Mobile Metamorphosis

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Consumers are adopting new technologies at light speed and great customer experience is no longer appreciated, it’s expected. It’s difficult for companies with digital products and services to keep up. They are at risk of being disrupted by more nimble, innovative competitors that can deliver new products with great customer experience at rapid speed and scale. This threat is particularly pertinent when building native mobile applications.


Designing, building and managing native applications across multiple devices is extremely slow and expensive. But why is this the case and how can we solve it? The answer is React Native, a framework which I believe will re-define mobile development for companies and consultancies alike.


Why are native apps slow and expensive?

The proliferation of native applications has returned us to a world similar to pre-web times. Companies such as Apple and Google will always try to distinguish themselves from each other, so it’s not surprising that such efforts gave rise to different proprietary operating systems. The unfortunate result of this landscape has been dedicated teams for each platform, slow delivery times, huge maintenance costs and an in-flexibility to adapt to rapid consumer demand.

React Native allows teams to build like they would for the web.

React Native, developed by Facebook, allows teams to build native apps much in the same way they would build web applications. It is what Facebook calls a horizontal platform. It differs from cross-platform solutions such as Cordova which tout the ability to “write-once, run anywhere” but that suffer from poor performance and weak customer experience.

React is what Facebook describe as “learn once, write anywhere.” In other words, once you learn React, you can then use that knowledge to write code for any platform – React Native being the platform for native apps.

React Native allows sharing across application program interfaces (APIs), tools, languages and huge code bases. However, it also works seamlessly with native development so when you want to take advantage of proprietary capabilities or need to tweak performance, you can. This also provides the added bonus of being able to leverage existing native code should you not want to throw it away and start from scratch.

React Native provides all of the consumer benefits of native development (including offline capabilities and high performance), but it also provides organisations with a myriad of other benefits, including:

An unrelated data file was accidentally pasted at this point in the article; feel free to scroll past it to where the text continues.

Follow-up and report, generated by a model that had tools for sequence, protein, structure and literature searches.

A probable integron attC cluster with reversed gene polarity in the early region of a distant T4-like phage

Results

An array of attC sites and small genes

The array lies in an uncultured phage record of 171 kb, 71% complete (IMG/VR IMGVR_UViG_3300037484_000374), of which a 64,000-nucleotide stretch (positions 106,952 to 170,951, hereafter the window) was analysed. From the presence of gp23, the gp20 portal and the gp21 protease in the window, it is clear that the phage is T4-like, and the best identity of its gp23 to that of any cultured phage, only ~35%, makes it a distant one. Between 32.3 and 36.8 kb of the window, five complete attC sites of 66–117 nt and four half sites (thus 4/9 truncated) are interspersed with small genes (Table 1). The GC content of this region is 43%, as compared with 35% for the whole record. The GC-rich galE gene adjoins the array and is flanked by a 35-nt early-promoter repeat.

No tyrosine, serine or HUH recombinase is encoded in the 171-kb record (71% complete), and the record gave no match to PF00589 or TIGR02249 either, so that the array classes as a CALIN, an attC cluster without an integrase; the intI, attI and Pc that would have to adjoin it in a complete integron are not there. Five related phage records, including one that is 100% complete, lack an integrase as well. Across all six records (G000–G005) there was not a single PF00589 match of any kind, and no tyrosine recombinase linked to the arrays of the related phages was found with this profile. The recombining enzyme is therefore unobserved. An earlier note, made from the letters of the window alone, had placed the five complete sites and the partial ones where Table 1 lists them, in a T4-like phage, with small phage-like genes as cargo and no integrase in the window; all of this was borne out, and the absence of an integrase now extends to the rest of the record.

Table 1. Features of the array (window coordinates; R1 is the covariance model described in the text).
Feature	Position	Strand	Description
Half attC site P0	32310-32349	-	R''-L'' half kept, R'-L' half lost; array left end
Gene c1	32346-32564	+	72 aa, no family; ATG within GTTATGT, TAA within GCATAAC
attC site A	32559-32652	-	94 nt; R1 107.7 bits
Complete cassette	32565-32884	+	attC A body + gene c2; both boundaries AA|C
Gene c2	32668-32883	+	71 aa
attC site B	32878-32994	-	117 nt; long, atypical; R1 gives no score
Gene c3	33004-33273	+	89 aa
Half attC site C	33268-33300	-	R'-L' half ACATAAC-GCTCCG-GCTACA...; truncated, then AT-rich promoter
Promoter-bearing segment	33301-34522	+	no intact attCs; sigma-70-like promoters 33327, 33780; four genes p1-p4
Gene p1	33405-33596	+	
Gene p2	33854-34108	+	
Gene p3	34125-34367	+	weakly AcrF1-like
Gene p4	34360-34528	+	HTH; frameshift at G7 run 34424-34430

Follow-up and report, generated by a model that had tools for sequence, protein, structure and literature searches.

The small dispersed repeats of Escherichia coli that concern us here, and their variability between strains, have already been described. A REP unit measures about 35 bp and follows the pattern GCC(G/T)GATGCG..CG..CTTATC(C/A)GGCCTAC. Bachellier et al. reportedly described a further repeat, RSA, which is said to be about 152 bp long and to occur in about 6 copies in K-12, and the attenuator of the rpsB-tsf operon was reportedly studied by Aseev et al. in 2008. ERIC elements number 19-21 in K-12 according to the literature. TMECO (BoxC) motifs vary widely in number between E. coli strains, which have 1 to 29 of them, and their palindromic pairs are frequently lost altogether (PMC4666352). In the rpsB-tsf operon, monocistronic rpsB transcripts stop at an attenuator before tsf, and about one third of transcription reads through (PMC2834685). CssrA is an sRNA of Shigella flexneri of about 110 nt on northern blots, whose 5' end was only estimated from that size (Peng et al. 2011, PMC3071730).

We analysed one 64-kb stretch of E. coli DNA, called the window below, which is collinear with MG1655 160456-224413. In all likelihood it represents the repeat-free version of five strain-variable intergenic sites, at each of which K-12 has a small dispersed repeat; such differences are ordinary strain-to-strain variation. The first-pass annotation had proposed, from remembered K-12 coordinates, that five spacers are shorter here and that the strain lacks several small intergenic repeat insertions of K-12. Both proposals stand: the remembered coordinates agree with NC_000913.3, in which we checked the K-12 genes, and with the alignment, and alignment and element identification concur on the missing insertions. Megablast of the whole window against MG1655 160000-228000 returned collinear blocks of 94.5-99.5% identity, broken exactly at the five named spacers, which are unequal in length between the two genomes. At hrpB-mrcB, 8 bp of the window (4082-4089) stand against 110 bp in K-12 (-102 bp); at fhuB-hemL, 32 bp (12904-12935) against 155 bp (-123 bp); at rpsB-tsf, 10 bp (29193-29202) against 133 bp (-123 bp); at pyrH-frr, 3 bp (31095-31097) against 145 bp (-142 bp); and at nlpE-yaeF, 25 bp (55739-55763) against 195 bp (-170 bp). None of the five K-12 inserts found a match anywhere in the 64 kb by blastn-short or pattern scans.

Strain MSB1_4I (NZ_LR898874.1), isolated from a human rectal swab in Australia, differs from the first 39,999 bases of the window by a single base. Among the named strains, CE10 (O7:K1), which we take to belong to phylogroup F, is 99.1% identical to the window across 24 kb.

• The ability to have one development team for all devices

  • Quick and easy application updates

  • Continuous deployment capabilities

  • The power to reuse a huge amount across all platforms

  • The flexibility to do multivariate testing without waiting for App approval

  • All of this results in fast and cost-effective deployment of great customer experiences and the ability to adapt quickly to ever-changing consumer demands.

Why should you bank on React Native?

The adoption of React Native both is accelerating, with more and more investment pouring in. Facebook is banking the future of its own native applications on React Native. Outside Facebook, many Fortune 500 companies as well as startups are using technology for their apps. I fully expect that its future will be bright and its adoption within the developer community robust.

According to Redmonk, JavaScript is the world’s most popular language. It’s used on over 88% of all websites, runs on pretty much every device on the planet, and continues to rapidly evolve. React, a JavaScript library, has seen huge global adoption – not only within the open-source community, but also with many large organisations such as Netflix, Airbnb, Uber and the BBC. React Native provides all of the benefits of React, but with the added ability to leverage the advantages of the native environment. Additionally, React Native is part of an amazing eco-system of complementary tools such as Relay and GraphQL. 



Where is the proof?

Facebook is building more and more of its own native applications in React Native. They have started migrating whole portions of the core Facebook application (the world’s most used app) into React Native. They have also built a new ads manager application entirely in React Native across both iOS and Android, with a single developer team and with both applications sharing 85%-90% of the same code. The Oculus Go App is another 100% React Native example. The Engineering team at Instagram has been experimenting for the last two years with React Native to allow product teams to ship features faster through code sharing and higher iteration speeds. This is staggering.


React Native projects at Red Badger

At Red Badger, we’ve helped to rebuild Tesco’s UK and International grocery sites in React and were able to repurpose the new website as an iOS and Android prototype app over the course of a single weekend. We also delivered this year’s Pride In London App using React Native, and currently working on a number other projects for our clients. The power is obvious to see.


If you have a mobile project in mind, we’d love to hear from you. Please get in touch at hello@red-badger.com

 

This article was originally published on SoDA report in 2016. The article above is an updated version.

Illustration by Taiwan-based illustrator, Kuocheng Liao